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  Topic: Official Uncommonly Dense Discussion Thread< Next Oldest | Next Newest >  

Posts: 327
Joined: Jan. 2006

(Permalink) Posted: Nov. 29 2006,00:47   

Reading some of the papers I linked to above, I came across this paragraph here.  Does this remind anybody of any particular group?

My starting point is a study of jury behavior, reported for the public in a New York Times article by Daniel Goleman. To the surprise of no one with trial experience, it seems that many jurors employ what the researchers described as "faulty reasoning." Specifically:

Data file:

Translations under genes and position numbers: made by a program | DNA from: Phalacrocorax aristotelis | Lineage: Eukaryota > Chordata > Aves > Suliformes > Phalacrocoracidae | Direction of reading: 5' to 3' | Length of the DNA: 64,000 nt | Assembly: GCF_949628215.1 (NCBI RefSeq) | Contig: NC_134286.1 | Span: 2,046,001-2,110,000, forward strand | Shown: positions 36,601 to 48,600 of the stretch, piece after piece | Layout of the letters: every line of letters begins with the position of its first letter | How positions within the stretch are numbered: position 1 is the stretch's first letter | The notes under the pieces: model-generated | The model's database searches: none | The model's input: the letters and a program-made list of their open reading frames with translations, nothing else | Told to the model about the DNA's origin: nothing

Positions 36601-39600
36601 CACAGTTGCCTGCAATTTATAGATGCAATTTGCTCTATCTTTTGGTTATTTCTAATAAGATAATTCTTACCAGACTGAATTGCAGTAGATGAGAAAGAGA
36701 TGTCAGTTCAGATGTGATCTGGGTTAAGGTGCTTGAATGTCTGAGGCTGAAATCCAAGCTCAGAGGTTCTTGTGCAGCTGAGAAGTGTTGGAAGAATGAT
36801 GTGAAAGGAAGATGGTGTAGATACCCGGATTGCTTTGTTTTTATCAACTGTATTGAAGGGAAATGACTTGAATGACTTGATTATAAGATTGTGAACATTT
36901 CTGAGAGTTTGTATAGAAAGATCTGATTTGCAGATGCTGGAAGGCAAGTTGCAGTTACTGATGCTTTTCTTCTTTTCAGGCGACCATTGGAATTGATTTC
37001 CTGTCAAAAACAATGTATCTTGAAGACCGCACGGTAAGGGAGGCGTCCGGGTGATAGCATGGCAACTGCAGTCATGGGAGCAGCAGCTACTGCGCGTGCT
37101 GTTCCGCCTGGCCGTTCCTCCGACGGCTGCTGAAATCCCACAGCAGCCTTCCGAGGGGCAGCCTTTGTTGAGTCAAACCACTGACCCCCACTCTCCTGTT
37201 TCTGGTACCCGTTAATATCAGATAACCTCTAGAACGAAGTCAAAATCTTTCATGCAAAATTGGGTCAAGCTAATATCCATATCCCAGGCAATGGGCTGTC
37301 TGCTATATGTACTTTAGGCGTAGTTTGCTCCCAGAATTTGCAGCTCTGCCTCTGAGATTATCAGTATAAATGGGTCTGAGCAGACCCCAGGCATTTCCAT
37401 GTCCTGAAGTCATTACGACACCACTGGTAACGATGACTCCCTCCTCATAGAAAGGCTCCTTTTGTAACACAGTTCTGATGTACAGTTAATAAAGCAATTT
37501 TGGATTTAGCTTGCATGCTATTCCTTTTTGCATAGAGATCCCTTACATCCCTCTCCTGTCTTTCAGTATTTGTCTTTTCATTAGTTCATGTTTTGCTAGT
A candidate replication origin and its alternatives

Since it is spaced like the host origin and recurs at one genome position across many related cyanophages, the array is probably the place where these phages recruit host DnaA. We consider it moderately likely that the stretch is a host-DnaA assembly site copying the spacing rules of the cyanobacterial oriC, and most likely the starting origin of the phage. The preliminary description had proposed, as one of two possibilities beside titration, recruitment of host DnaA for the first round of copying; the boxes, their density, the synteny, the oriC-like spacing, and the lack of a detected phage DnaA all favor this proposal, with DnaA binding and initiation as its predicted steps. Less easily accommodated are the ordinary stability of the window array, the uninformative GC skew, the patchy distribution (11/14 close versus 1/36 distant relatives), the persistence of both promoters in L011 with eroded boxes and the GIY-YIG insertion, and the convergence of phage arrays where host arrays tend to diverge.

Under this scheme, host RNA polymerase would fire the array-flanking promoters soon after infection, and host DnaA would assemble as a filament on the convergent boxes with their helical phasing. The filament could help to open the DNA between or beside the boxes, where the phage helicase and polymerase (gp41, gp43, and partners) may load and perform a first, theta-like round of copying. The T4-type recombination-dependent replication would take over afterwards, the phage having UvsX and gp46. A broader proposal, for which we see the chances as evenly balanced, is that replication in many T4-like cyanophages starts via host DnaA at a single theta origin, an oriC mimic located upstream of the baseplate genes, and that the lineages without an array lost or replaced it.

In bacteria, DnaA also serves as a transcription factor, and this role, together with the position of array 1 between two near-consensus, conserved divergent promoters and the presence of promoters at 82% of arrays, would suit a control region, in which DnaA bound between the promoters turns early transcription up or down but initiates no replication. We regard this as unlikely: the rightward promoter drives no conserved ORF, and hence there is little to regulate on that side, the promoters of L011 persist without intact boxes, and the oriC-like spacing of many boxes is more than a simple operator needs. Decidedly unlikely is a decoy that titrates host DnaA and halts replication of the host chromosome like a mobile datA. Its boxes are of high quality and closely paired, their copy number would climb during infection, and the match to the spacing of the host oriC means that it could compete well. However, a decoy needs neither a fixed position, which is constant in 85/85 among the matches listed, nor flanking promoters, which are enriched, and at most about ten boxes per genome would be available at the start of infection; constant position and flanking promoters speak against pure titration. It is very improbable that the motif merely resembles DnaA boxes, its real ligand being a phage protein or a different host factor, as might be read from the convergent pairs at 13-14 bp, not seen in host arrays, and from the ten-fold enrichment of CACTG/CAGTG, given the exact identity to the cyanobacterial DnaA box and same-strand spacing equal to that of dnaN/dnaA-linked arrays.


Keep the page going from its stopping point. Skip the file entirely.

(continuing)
These jurors decide on a version of events based on a preliminary story they find convincing, often at the time of the opening arguments, which then colors their interpretation of the evidence so much that they seize on whatever fits their verdict and discount the rest. Such jurors tend to make up their minds far earlier than others, and by the time they enter the jury room for deliberation they cannot be budged.

Those mental problems are not restricted to jurors!  The condition is called having an idee fixe.  A multitude of examples of people with Fixed Ideas that lock them into predetermined beliefs and protect them from reality can be found here.

  29999 replies since Jan. 16 2006,11:43 < Next Oldest | Next Newest >  

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